Authorities in several regions in China have allegedly stopped LGBT rights events for the forthcoming International Day against Homophobia, which, together with people wearing rainbow badges beaten up in the 798 Art Zone in Beijing, have sparked discussions on Chinese social media.
A member of a Guangzhou-based LGBT rights organization, who refused to give her full name, told the Global Times that their event scheduled on the International Day against Homophobia, which falls on May 17, was considered an "illegal gathering" and was canceled by the local public security and cultural bureau.
An event scheduled on May 17 by another Shanghai-based LGBT rights organization was also stopped, and the related department gathered the information of participants to make sure "no one will do something" on that day, according to a LGBT activist who only agreed to be identified by his online name "piaoquanjun."
Both the Guangzhou public security and cultural bureau and Shanghai authorities failed to reply to the Global Times as of press time.
However, Matthew from Speak Out, another LGBT rights organization based in Chengdu, told the Global Times that their events celebrating the special day will push through. He added they have tie-ups with the Canadian and French embassies.
The news of the events' suspensions came one day after security from the 798 Art Zone reportedly beat two women for trying to enter the zone wearing rainbow badges.
People got the free badges from "piaoquanjun" who was handing them out for the International Day against Homophobia on Sunday.
A man working for the property management department of the Beijing Administrative Committee of 798 Art Zone told the Global Times on Sunday that one of the women "gave a middle finger to one of the security guards," which started the incident.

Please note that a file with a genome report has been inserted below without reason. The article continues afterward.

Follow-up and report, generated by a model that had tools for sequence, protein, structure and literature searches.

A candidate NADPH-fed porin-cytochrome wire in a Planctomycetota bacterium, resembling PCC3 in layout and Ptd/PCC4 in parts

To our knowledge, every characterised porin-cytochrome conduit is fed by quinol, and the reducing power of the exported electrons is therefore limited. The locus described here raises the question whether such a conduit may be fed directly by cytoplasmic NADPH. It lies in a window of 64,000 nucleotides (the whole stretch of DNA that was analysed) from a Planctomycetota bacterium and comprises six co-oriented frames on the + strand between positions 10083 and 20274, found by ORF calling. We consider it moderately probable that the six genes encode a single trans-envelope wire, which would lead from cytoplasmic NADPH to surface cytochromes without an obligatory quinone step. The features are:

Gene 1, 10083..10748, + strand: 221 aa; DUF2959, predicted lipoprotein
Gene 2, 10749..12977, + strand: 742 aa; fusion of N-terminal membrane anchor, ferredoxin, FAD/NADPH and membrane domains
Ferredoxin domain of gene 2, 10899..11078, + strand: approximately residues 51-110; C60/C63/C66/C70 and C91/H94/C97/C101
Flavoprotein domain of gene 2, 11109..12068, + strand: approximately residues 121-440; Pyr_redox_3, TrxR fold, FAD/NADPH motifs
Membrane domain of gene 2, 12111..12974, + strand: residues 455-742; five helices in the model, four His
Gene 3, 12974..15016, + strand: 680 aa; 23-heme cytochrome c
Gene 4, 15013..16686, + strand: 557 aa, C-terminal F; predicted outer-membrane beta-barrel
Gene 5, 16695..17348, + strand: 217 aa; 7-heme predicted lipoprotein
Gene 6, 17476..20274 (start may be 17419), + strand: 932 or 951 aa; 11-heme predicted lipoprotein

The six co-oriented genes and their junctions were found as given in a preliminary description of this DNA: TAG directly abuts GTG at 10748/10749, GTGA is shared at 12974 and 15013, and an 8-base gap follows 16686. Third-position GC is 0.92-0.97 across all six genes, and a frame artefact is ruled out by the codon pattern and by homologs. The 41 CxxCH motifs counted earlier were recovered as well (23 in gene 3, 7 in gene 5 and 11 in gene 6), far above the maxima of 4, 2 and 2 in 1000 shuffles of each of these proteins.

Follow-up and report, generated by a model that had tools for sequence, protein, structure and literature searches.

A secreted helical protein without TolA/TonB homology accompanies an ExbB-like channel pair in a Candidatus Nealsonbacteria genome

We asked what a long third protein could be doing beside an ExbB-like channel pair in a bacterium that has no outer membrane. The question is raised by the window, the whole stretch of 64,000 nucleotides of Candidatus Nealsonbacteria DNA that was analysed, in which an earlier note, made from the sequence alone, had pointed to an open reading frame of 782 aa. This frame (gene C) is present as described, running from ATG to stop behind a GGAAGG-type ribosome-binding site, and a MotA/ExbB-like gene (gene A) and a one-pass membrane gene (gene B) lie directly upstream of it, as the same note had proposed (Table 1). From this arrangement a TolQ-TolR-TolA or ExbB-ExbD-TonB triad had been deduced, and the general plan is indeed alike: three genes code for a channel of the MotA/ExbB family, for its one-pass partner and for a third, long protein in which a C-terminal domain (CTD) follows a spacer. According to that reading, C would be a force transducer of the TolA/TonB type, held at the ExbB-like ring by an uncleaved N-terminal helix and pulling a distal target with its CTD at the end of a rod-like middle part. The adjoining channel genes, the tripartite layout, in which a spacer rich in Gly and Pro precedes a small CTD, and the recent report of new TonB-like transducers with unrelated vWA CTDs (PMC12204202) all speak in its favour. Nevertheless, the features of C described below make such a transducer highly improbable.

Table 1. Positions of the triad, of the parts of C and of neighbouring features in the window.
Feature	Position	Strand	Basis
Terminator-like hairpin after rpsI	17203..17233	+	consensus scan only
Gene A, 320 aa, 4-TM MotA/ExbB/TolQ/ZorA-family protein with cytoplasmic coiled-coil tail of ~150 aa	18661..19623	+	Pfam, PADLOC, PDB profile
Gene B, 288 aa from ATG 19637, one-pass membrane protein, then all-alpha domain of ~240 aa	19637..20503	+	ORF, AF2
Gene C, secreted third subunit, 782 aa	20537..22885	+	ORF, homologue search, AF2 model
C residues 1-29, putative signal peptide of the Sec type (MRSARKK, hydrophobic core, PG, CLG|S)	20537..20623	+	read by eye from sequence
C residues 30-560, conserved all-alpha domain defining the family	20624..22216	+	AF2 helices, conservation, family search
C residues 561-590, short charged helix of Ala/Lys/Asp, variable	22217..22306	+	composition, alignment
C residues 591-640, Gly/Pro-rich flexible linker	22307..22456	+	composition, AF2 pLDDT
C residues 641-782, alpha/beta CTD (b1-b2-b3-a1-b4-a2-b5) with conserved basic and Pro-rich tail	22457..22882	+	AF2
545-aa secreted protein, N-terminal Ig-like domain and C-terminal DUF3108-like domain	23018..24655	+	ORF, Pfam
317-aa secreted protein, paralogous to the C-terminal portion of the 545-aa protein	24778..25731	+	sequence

One of the women's mouth was swollen while the other had bruises on her face.
The security company responsible for security around the art zone agreed to "apologize, provide compensation and dismiss its staff who beat the women," one of the injured women told the Global Times on Monday. She preferred to be identified by her WeChat name, Cheng Yuedan.
"Many others were stopped by security either because they were wearing the badge or the security thought they were taking a badge with them," Cheng Yuedan said.
"Communication and negotiations could be a better way for LGBT people to express their demand for acceptance and openness in China," Peng Xiaohui, a sexology professor at Wuhan's Central China Normal University, told the Global Times.
Discussions have blossomed on Weibo since Sunday about the incident and homosexuals as a group in China.
"It is absolutely wrong to hit people… but it is best for the organizers to communicate with the art zone before holding events. Their safety is something they have to be concerned with," netizen Anyixiaoxiong said.
The topic hashtag "not silent for May 17" attracted over 1.7 million views on Sina Weibo by Monday morning, but was removed as of press time.
"The public acceptance of the group has improved in recent years in China. It is good to get more people informed about LGBT, but I wonder if demonstrations and some high-profile events are the best ways," Youyou, a 30-year-old netizen who identified herself as bisexual, told the Global Times on Monday.
Since many people still do not accept LGBT, high-profile events could lead to public panic or even discrimination in Chinese society, which benefits no one, Peng noted, adding that public acceptance of LGBT will be realized only together with the development of society, which takes time and requires patience.
"A little more time should be given to the country and society to progress step by step," Peng said.
Newspaper headline: LGBT rights events stopped